I have undertaken to make the Motion of my hon. and learned Friend the Member for East Gloucester shire (Mr. Rolt) who is unable to be present, and the reason why he intended to submit that Motion was that the States of Jersey are entirely misrepresented in this matter. The statement which was made by my hon. and learned Friend opposite (Mr. Locke) as to the appointment of the Commission, and the proceedings which took place under that Commission, is perfectly correct. The States are quite willing to consider these recommendations, but they are not willing that the Royal Court, which has existed for so many hundred years, should be abolished entirely in the way which it is now proposed to do. They protest against a question of this kind being taken up by any private Member of Parliament. They find that, although the Royal Commission was issued at the recommendation of the Government, and that these Commissioners have visited the Islands, and have received information from those most competent to judge, the question has not been taken up by Government as might reasonably have been expected, and as I think the House will say they ought to have done. If pressure is indirectly to be brought on the Island of Jersey—if the Government are content to leave a measure which they are disposed to support in the hands of a private Member—if, under these circumstances, the authorities of the Island, who ought to be represented in this House by the Government, are left to be bandied about the lobby, to take up their position in some hotel and to issue circulars to endeavour to secure the attention of Members of Parliament to their views, I say that nothing can be more unfitting and impolitic than that an Island which is not a conquered country, but is one of the most ancient and loyal dependencies of the British Crown, should be treated in this manner. For ages, peace, loyalty, and harmony have existed there, more, perhaps, than in any other portion of the British dominions. They have long enjoyed a distinct judicature and a distinct legislature. In every case in which Bills of Parliament have been passed for England and extending to Jersey, that legislation has not taken effect immediately in these Islands. The Acts have been referred to the Legislature of Jersey, and have been, in some instances with Amendments, registered, and have thereby become the law of the Island. The long address which has been delivered by my hon. and learned Friend precludes me from going into this case as I would wish to do. But I may say that the people of Jersey do not desire this Bill to be withdrawn. They join issue with the hon. and learned Gentleman, and they rely on making their case good before the House. They say that they are still ready to make reforms and to receive the recommendations of the Imperial Government; but they are not disposed to submit to allow their internal and domestic institutions to be dealt with in the way that this Bill proposes to deal with them. You are proposing by this Bill to appoint paid Judges and to dispose of taxation, which you are not empowered to deal with. I think the House will be of opinion that when the right hon. Gentleman (Sir George Grey) talks of great care and deliberation, there has been a great want of care and deliberation on the part of the Home Office. It is greatly owing to him that matters have been brought to their present position, and that the Gentlemen representing these Islands have been obliged to attend here from day to day. They only knew of the second reading of this Bill in time to be here the day before it came on; and consequently they were not able to organize an opposition. They received no such assistance and protection as they might have expected from the Home Office; and have had to go from one Member to another. They have retained an eminent counsel to appear before the House, and they are perfectly prepared to join issue with the hon. Gentleman. I myself have no interest in the matter, nor do I know all the merits of the case; but feeling that Parliament has no right to deal in this offhand manner with institutions that have existed so long, I myself should be disposed to protest against the withdrawal of the Bill, and to insist that the States should be heard by their Counsel at the Bar of this House, and should have an opportunity of refuting the allegations which have been made against them so recklessly by the hon. and learned Gentleman. I know that at this period of the Session it will be extremely difficult to find a day on which the House could hear the counsel of the States at the Bar, and certainly that is the only ground on which I could agree to the withdrawal of the Bill.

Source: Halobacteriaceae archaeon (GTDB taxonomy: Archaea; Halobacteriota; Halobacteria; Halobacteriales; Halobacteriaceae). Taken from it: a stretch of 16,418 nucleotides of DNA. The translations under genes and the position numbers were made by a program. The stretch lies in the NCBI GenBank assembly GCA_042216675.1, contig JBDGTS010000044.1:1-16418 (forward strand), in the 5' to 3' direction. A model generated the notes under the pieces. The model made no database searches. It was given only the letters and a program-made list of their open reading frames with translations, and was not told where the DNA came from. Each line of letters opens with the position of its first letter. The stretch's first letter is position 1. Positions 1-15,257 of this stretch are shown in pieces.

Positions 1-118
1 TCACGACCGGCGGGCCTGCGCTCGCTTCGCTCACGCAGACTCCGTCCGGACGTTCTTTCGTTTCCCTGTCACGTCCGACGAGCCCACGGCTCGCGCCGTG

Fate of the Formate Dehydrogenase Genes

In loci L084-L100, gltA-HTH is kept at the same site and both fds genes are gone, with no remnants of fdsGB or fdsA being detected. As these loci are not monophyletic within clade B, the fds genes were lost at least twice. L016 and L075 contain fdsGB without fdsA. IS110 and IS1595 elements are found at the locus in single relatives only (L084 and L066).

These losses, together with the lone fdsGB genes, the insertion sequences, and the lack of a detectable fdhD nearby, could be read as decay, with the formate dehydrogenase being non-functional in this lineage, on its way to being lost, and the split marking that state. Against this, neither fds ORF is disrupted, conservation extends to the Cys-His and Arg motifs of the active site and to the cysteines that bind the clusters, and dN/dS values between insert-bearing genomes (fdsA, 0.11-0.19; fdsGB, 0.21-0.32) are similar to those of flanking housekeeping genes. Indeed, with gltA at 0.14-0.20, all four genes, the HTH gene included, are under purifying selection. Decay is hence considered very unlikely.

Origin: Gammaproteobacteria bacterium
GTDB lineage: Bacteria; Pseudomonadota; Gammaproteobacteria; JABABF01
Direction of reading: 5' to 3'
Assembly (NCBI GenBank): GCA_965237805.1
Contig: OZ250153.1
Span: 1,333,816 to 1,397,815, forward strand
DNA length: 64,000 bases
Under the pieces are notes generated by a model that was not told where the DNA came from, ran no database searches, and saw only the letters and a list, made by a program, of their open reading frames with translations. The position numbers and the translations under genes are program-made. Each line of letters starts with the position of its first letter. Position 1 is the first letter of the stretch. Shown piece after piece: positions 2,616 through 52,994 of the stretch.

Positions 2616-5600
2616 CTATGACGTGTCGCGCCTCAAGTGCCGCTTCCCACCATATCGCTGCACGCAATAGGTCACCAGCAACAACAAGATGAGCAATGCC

MR. AYRTON moved the adjournment of the debate till to-morrow.

Debate adjourned till To-morrow.